The Great Leaders Series: Hugh Hefner, Founder of Playboy Enterprises
BY Josh Spiro
For Hugh Hefner, the sexual revolution was also a huge business opportunity. Here's how the founder of Playboy turned a nudie mag into a global brand.
The quintessential pajama-clad entrepreneur, Hugh Hefner created Playboy magazine and, over decades, built it into the most successful men's magazine of all time.
Playboy's once-rocketing success might seem no surprise given the advertising truism: sex sells. But never before Hefner had sex sold quite so well. Starting in a decade known for propriety and restraint, Playboy titillated thousands of consumers. At the same time, it challenged federal anti-obscenity laws and brought about their reinterpretation. Despite his company's currently waning cultural cache and its cash hemorrhage, Hefner's vast influences on publishing and sexual culture are still highly tangible.
Born in Chicago in 1926 to strict Protestant parents, Hefner's interests as early as high school presaged his later career. He wrote stories and illustrated cartoons for newspapers through high school, his Army service, and college. While taking a semester of graduate sociology courses at Northwestern University, Hefner wrote a paper lauding the recently released Kinsey report, which advocated a more open discussion of sex in America.
Hefner took a series of copy writing jobs until he landed a gig at Esquire in 1951. When the magazine's headquarters migrated to New York, he asked for a $5 raise. When the request was denied, Hefner began to feel the entrepreneurial itch. After a failed attempt to raise the cash to launch a magazine, Hefner returned to the 9-to-5 grind to support his family. But by 1953 the entrepreneurial urge returned.
To launch Playboy, Hefner managed to gather $8,000 from friends, relatives and a bank loan (the classic yarn is that he used his furniture as collateral). In December of 1953, the first issue hit newsstands, its cover undated since publication of a second issue was such an uncertainty. Hefner anxiously trolled Chicago newsstands to monitor sales but, thanks to his savvy investment in a previously obscure calendar picture of Marilyn Monroe with "nothing but the radio on," nationwide sales of the first issue reached 50,000.
By the time Playboy Enterprises went public in 1971, the magazine was selling seven million copies per month, and the company's assets had grown to include book publishing, a limousine service, a record label, hotels, casinos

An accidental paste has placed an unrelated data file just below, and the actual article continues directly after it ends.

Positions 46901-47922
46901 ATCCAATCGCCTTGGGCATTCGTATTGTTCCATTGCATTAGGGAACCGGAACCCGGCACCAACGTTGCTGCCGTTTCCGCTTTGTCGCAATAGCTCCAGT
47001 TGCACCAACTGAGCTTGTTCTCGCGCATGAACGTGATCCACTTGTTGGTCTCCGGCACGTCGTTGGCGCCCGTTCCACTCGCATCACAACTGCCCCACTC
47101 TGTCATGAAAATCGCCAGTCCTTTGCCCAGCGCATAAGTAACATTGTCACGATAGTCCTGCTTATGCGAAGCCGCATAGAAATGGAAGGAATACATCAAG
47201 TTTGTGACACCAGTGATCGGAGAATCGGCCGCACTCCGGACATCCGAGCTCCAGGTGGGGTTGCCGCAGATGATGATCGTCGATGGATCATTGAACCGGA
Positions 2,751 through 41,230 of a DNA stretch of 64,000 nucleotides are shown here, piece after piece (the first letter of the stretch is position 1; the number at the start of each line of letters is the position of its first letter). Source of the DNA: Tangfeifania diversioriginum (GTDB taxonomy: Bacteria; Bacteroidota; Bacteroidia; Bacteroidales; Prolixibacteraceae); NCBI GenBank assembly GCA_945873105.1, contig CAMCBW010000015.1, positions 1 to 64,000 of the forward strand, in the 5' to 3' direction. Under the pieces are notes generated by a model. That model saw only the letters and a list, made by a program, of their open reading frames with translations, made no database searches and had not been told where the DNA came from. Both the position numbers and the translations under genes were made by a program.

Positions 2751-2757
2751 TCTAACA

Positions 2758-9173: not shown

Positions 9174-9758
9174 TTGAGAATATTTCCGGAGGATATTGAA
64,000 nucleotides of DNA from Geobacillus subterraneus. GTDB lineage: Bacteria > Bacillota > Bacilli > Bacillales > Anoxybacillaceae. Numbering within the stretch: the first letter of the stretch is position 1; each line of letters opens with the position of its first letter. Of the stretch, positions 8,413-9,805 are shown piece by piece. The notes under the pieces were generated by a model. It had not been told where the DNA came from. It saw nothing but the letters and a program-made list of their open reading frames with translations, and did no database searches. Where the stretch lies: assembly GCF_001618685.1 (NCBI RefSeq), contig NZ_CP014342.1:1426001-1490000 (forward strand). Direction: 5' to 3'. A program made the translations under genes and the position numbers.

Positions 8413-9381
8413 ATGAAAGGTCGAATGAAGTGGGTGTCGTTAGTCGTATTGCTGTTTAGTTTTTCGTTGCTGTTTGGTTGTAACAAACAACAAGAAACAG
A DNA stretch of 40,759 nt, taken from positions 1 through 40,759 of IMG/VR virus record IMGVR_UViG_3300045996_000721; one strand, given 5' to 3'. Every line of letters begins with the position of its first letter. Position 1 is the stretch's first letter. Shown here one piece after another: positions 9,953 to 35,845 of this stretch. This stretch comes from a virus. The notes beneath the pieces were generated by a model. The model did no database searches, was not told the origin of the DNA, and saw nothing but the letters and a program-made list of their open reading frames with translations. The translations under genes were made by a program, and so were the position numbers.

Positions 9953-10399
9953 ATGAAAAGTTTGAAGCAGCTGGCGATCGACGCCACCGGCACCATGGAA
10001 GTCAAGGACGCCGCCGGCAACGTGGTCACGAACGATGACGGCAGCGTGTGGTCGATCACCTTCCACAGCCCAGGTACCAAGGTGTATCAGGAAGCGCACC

, and a video production company. The company's other media offerings even diverged from the magazine's adult content; it produced movies such as Roman Polanski's Macbeth, Monty Python's And Now For Something Completely Different, and The Naked Ape, based on the classic sociobiology book of the same name.
The 1980s were a sour time for the company financially, which "Hef" attributes to the decade's conservatism. Though he suffered a stroke in 1985, Hefner didn't cede the position of chairman and CEO to his daughter Christie until three years later. The executive seat passed out of family hands in early 2009 when Christie stepped down, but Hefner continues to play an active role with the magazine. Even though it is still edited from a Chicago headquarters, and Hef's mansion has long since migrated to sunny California, he said in a recent New York Times profile that he approves "every Playmate, every cover, the cartoons and the letters." The same article aptly summarized Hefner's legacy by noting: "As a magazine publisher, he essentially did for sex what Ray Kroc did for roadside food: clean it up for a rising middle class."
Despite having attested in the past that he couldn't live without the magazine, the 83-year-old Hefner may be persuaded otherwise by the company's long streak of unsuccessful quarters. Once valued at more than $1 billion, the current market cap for Playboy Enterprises is roughly $96 million, about one-third of its asking price on the market.
A recent lawsuit by a company investor allegedly claims that while Playboy Enterprises sinks, Hefner has sabotaged deals to sell the company at a price that would be good for shareholders. News sources cite a letter from an investment company: "If you were Hugh Hefner, 81, would you give up the parade of busty blonds, the fancy mansion and the reality TV show for a payout?" The suit also claims that the newsstand price of a Playboy magazine is higher (at $5.99) than its stock (which hovers around the $3 mark).
But in his later years, from the midst of a maelstrom of Viagra, satin sheets, and platinum blonde girlfriends one quarter his age, Hefner is content to bask in a playboy's joy rather than an entrepreneur's angst. He maintains: "This is one of the very best times of my life. It's even better – richer – than people know."